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China manufacturing up sharply

Hardy Graupner
March 31, 2020

A number of recent indicators suggest that the world's second-largest economy is on its way back to normalcy. Tuesday's PMI index is a case in point, but analysts warn that China's woes are far from over.

Chinese workers restart battery production
Image: Getty Images/AFP

A couple of months ago, economists would have criticized China for boosting its coal-burning activities. The Asian nation has a long record of mining and burning roughly half of the global supply of what's considered to be the dirtiest fossil fuel on this planet.

Environmentalists haven't missed a chance to chide the world's second-largest economy for being the nation with the biggest carbon emissions worldwide.

Right now, though, increased coal burning means something good at least for economists as it is a rather reliable indicator that China's economic activities are picking up again, following weeks of virtual lockdown due to the coronavirus outbreak.

Billowing smoke a beacon

Citing figures from the China Coal Transport & Distribution Association, Bloomberg reported that coal use by five major Chinese coastal power plants reached 488,800 tons last week — that's twice as much as the recorded low on February 10 at the height of the country's lockdown.

The increased use of coal comes as many factories have restarted and need more electricity. Consultancy IHS Markit noted that more than 90% of markets, shops and malls and 70% of small- and medium-sized enterprises in China had reopened by mid-March as the country was fighting its way back to economic normality.

Given Chinese efforts to reboot production after the virus-related shutdown, it wasn't that much of a surprise to see the latest Purchasing Managers' Index (PMI) for the country regain some lost ground.

But the index, which was published Tuesday, came in well above expectations, hitting 52.0 for March, with the figure being provided by China's National Bureau of Statistics (NBS). That's way above the 35.7 recorded a month earlier and also way above the 44.8 forecast by economists.

Coal-fired plant in China
As China needs more electricty after the lockdown, many power plants are burning more coal againImage: picture-alliance/dpa/Mark

What the experts say

What are economists making of the pronounced jump?

Rajiv Biswas, APAC chief economist at IHS Markit, told DW "the key factor supporting an improving outlook for China during Q2 2020 and the second half of the year is that the number of new COVID-19 cases has fallen to very small numbers each day, which has allowed factories to resume operating in closer-to-normal conditions while the lockdown on households has been significantly relaxed, allowing consumers to resume spending in stores and restaurants."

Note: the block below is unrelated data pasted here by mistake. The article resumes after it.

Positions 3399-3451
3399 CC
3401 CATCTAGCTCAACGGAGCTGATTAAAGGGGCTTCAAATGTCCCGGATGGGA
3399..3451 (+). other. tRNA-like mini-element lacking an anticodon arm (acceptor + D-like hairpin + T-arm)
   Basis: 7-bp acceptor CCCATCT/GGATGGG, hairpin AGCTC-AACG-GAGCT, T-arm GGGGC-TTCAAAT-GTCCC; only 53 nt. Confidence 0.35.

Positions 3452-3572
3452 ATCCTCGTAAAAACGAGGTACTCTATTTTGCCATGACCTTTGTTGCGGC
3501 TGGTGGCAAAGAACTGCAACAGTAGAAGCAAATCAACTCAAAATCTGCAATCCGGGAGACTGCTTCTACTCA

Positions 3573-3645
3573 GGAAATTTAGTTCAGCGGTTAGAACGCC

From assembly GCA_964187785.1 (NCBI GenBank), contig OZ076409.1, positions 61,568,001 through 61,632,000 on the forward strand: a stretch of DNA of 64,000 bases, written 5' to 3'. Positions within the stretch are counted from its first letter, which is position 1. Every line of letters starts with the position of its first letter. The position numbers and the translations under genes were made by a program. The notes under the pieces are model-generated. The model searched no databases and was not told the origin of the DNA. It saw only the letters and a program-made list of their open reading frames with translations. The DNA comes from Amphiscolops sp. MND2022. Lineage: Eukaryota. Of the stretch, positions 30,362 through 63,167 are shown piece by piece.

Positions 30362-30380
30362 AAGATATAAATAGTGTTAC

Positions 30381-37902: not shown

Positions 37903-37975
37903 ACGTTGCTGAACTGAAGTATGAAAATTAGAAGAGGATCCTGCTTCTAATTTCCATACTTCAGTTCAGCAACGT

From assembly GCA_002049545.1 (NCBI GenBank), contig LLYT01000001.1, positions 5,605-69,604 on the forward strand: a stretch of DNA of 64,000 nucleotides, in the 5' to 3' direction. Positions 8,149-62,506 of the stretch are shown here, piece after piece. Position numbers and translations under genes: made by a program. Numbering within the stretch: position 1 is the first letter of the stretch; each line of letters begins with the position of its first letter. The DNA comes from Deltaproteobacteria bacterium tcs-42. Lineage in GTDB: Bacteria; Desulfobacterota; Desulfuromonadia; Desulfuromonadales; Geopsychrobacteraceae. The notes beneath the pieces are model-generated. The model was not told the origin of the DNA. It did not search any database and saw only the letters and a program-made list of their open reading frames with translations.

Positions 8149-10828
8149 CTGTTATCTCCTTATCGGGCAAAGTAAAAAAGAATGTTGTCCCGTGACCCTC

China's NBS iself is striking a cautious note in analyzing its own data. "[The result] does not represent that our country's economic operations have returned to normal levels," the office commented, adding that "there remains relatively large pressure on enterprises' production."

NBS officials warned that many Chinese firms coming out of the lockdown have been facing tight funding. But the far bigger worry is an even steeper slump in demand as COVID-19 sends shockwaves through virtually all of the Asian nation's trading partners.

IHS Markit's Rajiv Biswas echoed those concerns. "With the world economy forecast to be in recession in 2020 due to the pandemic, China’s export sector is expected to be hit hard, remaining a drag on the overall growth outlook for 2020.

AFP news agency quoted OCBC Bank researcher Tommy Xie as saying that "we shouldn't read too much into the current sharp rebound." He argued that February was a really bad month for China because of the coronavirus threat, concluding "that any recovery from February … was kind of a done deal."

Analysts agree that the nation will face a global demand shock in April as more nations send their own economies into lockdown.

US-China trade spat lurking in the dark

But even when the virus-induced crisis is over globally, the Chinese economy is likely to be confronted with an older problem that's been off the radar temporarily. There are no indications whatsoever that the technology and trade conflict with the US will be buried once and for all.

That menace — plus the long-term fallout from COVID-19 — endanger China's growth targets. On Tuesday, the World Bank warned the nation could suffer a serious slump this year, meaning that growth could be down to 2.3% from 6.1% in 2019.

Consequently, some analysts argued it would be better for the Chinese central bank not to set a growth target for this year at all so as not to hinder adequate policy measures to keep people safe.

How the coronavirus became an international threat